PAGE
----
30 Nov 2022
Top tips for how to help a child with autism at school
Children with autism have to deal with many challenges, which includes how they learn at school. According to the National Autistic Society, there are 700,000 autistic children and adults in the United Kingdom. It’s important that your child feels comfortable in an environment that is unfamiliar to them.
Teachers who are teaching autistic children at school need to know how to support them so that they can achieve their full potential. It’s worth noting that no two autistic children are the same, since each child will require varying levels of support in either a mainstream or special school environment.
We’ve included some top tips for how to help a child with autism at school feel comfortable and succeed in an environment that is unfamiliar to them.
Spend time getting to know the autistic child at school
One of the first things that school staff should do is spend some time getting to know your autistic child. It might be easy to fall into the trap of thinking that all autistic children you teach are similar to one another, but each child will have their own individual strengths, weaknesses and interests.
Intensive interaction is a good strategy to use, particularly if the teacher is meeting the autistic child for the first time. It’s an approach that’s used to interact with people who find it hard to communicate and socialise, which includes children with autism.
With this approach, it’s worth letting the child decide where they want to meet them on their terms as it can help the teachers know more about them. This can be useful as your child progresses from primary school, all the way up to university.
Create and establish a routine with them
Children with autism spectrum disorders like routines so it’s crucial that you work with them to create and establish a routine for them to follow at school. It’s important that you communicate any changes with them in advance so that your child does not get distressed by any unplanned events that occur.
In terms of the best format to create a routine for your autistic child at school, utilising visuals can be particularly useful for them. Your child’s teacher could use a combination of pictures and symbols to produce a timetable that they can use to know what tasks they’re doing during the school day.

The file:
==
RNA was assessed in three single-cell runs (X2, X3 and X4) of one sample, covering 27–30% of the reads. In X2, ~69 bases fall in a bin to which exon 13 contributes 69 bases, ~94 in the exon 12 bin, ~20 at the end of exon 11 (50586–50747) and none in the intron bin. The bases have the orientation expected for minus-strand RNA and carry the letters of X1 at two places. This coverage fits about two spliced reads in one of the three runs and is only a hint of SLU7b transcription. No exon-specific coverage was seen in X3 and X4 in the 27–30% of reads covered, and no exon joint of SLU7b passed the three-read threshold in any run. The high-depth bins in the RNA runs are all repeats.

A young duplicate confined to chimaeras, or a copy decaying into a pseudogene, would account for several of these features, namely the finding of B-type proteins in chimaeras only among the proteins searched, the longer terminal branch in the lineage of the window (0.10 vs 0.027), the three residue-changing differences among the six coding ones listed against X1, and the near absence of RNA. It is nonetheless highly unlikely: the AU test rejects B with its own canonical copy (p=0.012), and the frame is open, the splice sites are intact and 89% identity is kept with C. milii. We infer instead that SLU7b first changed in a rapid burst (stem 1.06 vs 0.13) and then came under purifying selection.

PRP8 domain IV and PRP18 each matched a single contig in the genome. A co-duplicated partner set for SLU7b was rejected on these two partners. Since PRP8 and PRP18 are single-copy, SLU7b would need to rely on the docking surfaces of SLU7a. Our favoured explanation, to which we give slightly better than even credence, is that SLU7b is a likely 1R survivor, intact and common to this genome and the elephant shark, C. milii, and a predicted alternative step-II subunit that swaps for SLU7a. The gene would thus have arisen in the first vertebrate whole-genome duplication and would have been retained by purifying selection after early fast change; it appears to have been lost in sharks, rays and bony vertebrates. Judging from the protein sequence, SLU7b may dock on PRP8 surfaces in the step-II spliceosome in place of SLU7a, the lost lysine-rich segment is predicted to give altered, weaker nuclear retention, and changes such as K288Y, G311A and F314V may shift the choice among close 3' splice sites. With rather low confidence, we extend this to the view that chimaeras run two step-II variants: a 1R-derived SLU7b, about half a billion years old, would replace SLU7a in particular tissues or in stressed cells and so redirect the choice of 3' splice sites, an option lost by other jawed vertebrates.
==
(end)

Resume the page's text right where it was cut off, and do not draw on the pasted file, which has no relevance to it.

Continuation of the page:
Having a well-formatted timetable can help your child manage their time independently while moving on from one task to another.
Be aware of sensory overload
Teachers should be aware that a child with autism is likely to experience sensory overload within their school environment. It’s important that they are provided with simple adjustments so that it not only enhances their learning, but also manages their sensory sensations throughout the school day.
If your autistic child is sensitive to noise, providing them with headphones can help them to concentrate, as well as eliminate any background noise. By providing breaks and activities to regulate your child’s sensory stimulation, it can help them to not only calm down, but also concentrate on their school work too.
Provide clear communication for your child with autism
Children with autism will find it difficult to interpret both verbal and non-verbal language, which may include tone-of-voice and body language. They may also vary in terms of their verbal communication, with some autistic children being unable to speak and others having very good language skills.
Communicating with rhetorical questions, idioms and metaphors can confuse your child, so it’s crucial that you use simple and direct language with them. If your autistic child is a visual learner, then the teacher should create materials to make it easier for them to know how to complete the tasks in a step-by-step format.
For autistic children who are able to read, then teachers should provide written instructions for tasks. This means that they’ll be able to go through the task and ask questions about any instructions that they don’t understand.
Utilise the autistic child’s interests to help them learn
Some autistic children can form highly-focused interests, whether that’s a certain period in history, technology or cars. Teachers can use their interests and integrate it into their lesson and homework planning.
For example, if the autistic child’s parents know that their child is interested in darts, you could integrate their interest into maths problems. That could include adding, subtracting and utilising times tables to help them solve problems on a dartboard. By doing this, it can make a major difference in how the child engages in their learning at school.
Supporting an autistic child at school can be both challenging and rewarding for teachers and parents. Having the right learning environment and support can help children to not only have a positive school experience, but also help them achieve their full academic potential.
If you are worried about your child’s progress in school and worry that they are on the autism spectrum, The Autism Service’s Child Autism Assessment service can come in and help. Our team can complete a diagnostic assessment to determine whether your child has Autism Spectrum Disorder.
For any questions about how we diagnose children and adults with autism, please feel free to contact us today.
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